Distinguishing the difference between aloe and agave can be tough! These two beautiful plants have very similar looks, but with more attention to detail, you can learn how to tell these two beauties apart and properly care for them.
The similar look of these plants is because they are both native to hot and dry climates, but they are not closely related! They are native to totally different hemispheres of the world. Yes, literally TOTALLY different hemispheres – AKA these bbs come from opposite parts of the world.
In short, agave is typically larger with sharp spines on their leaves, however, aloe vera leaves have a serrated edge, but they are not sharp. The leaves of an agave plant are fibrous, whereas aloe leaves are fleshy, thick, and filled with a clear gel. FUN FACT: They are both succulents.
You’ve read that these bbs come from different parts of the world and with similar climates. Aloe and agave are both native to growing in tropical, semitropical, and dry climates.
Agaves, AKA a “New World” plant, are originally from the tropical, hot, and dry parts of the Americas and the Southwestern United States. Today you can find agave all the way from Utah into the northern parts of South America. They grow in deserts, dry grasslands, and oak-pine woodlands.
Aloe, AKA an “Old Word” plant, is native to sub-Saharan Africa, the Saudi Arabian Peninsula, and Madagascar. Aloe Vera also spread all the way to the coast of the Mediterranean and South Africa. While you can find Aloe growing wild in the United States, those ones were brought here as an introduced species, not a native plant.
Agave grows in the USDA Plant Hardiness zones 9 and 10, some varieties of the plant are more tolerant to heat or cold than others. This hardy plant can tolerate full sun and grows well anywhere in between zones 9 and 11. They prefer to have some shade during the sun’s strongest times of the day. Both can grow well in well-draining sandy or rocky soil.
Want to learn more about the origin of succulents? Read our blog about the History and Origin of Succulents!
Once you know what to look for, you can easily distinguish between these two similar-looking plants.
Every variety of agave grows its leaves in the shape of a rosette with sharp thorns and a sharp upright center margin. If you cut a leaf open and look inside, you will find it is very fibrous and not gel-like or gooey. The color of agave can range from green, blue-green, grayish-green, and variegated or spotted in shades of cream, gold, or yellow.
Agave plants’ tall blooms are bittersweet. They’re gorgeous and eye-catching but also signal that the plant’s life has come to an end. Yep, after Agave blooms, it will die, but the mother plant does produce a bunch of baby succs in her place.
Agave plants can grow anywhere from 1 foot to over 20 feet tall! When mature, these bbs are much larger than aloe plants.
Similar to the agave, an aloe plant grows a rosette made of thick and fleshy leaves, ranging from green to greenish-blue leaves sometimes having white speckles. An aloe plant will have a small teeth-like serrated edge. Where agave is fibrous on the inside; when you cut open an aloe plant there is a clear gel substance inside.
You’ll see aloe bloom in the summer, growing a tall stalk that is lined with yellow flowers. Aloe plants will continue to grow and thrive after blooming, unlike the agave. They can bloom again season after season! Baby aloe plants will grow around the mother plant, appearing as offshoots that can then be cut and propagated.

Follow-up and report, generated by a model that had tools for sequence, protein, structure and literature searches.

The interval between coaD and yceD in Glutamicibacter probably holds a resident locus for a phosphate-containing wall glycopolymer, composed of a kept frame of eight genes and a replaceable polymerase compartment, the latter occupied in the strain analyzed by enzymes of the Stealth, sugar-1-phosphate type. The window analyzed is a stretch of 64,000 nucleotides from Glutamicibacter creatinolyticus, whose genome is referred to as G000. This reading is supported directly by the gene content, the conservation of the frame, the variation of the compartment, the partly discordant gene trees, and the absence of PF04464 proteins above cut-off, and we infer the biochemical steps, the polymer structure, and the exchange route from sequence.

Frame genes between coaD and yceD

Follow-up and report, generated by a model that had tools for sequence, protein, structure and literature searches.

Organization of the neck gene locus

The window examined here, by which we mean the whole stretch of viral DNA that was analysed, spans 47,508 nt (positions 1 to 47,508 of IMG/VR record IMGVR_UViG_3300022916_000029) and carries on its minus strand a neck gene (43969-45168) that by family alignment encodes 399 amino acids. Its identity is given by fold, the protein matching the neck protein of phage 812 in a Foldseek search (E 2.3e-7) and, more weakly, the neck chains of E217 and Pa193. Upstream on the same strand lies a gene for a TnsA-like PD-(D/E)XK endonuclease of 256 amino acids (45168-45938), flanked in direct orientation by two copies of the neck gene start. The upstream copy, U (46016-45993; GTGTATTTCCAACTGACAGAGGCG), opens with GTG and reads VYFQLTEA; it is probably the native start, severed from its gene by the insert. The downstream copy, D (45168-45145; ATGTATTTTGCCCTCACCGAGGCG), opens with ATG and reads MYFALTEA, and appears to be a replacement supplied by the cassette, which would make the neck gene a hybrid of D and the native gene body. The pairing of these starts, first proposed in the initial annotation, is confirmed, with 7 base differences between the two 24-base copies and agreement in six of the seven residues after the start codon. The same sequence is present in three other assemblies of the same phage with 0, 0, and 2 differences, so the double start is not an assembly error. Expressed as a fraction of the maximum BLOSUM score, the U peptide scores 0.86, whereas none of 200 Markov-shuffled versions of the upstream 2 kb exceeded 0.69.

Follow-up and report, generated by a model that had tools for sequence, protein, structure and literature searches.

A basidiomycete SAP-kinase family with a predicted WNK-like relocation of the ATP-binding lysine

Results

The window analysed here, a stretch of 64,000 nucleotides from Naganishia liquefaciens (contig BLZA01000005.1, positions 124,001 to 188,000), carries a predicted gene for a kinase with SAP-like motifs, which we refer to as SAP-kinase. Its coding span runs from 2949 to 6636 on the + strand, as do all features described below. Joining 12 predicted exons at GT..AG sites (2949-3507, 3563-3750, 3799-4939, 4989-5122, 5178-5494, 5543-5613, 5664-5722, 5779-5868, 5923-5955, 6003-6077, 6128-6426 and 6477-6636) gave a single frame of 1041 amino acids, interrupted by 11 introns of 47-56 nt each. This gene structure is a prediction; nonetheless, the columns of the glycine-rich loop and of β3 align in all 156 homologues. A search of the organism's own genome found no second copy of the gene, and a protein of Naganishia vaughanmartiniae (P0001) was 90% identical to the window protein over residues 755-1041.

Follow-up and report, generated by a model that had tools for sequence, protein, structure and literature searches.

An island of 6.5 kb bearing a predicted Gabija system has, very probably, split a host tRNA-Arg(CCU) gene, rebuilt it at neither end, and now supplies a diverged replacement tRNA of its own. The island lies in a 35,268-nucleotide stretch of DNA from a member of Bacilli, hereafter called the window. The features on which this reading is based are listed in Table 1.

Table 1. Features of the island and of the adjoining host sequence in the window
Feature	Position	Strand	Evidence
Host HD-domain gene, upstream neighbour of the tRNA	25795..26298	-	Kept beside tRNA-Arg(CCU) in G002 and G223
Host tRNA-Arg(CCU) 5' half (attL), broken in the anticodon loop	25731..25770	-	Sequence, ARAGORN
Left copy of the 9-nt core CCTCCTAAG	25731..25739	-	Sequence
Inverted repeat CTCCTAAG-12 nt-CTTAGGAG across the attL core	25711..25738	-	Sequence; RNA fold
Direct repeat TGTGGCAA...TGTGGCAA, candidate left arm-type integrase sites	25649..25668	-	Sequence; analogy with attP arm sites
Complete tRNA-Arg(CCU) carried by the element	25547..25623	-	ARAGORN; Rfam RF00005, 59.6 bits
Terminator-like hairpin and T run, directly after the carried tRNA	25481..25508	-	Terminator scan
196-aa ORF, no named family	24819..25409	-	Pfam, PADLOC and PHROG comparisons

At the peak of aloe maturity, they can grow from 1 to 3 feet tall.
PRO TIP: It is all about looking at the leaves when telling the difference between agave and aloe. Agave leaves are thinner and very fibrous compared to the thick fleshy leaves of aloe. If you touch the plants you’ll know instantly when you feel the hard thorns of agave.
Agave and Aloe Plant Uses
You may already be familiar with the uses of these plants! Agave is edible and the plant’s sap is called “augamiel,” meaning honey water in Spanish. The ancient indigenous people of Southwestern America used agave as their main food source. Tequila fans put your hands up! Many know of agave because tequila is produced from the blue agave plant.
Aloe has been known for its medicinal properties for thousands of years. It is believed to treat many medical conditions and is often used in cosmetic products, like sunscreen. You can even find aloe as an ingredient in foods like yogurt and some beverages.
Considering these two gorgeous succs originate from very similar climates, their care instructions are the same. They are very low-maintenance and incredibly drought tolerant, making them a great choice for first-time plant owners! Aloe is known to be toxic to animals, agave is not listed as toxic to animals on many sites, but it is always best to keep animals away from plants.
Both plants prefer a well-draining cactus soil and to be planted in a pot with a drainage hole. DO NOT grow these bbs in soil that retains water and stays soil or they can easily rot. Agave and aloe need plenty of light to grow well, if they do not get enough sun the plants will become leggy. They need consistently warm conditions with a temperature between 60-85 degrees F
If you choose to keep the plants outside, be sure to bring them in during colder months. When incorporating these plants into your landscaping, note that they will not require much water, every few weeks should be enough. So, make sure you aren’t planting them near any sprinkler heads or other plants with more frequent watering needs. If you grow them in a pot, wait for the soil to completely dry in between watering. Too much water is the quickest way to kill an aloe or agave plant.
Get out there and test your knowledge! If you live in an area that grows both agave and aloe drive around and see if you can spot the difference between the plants.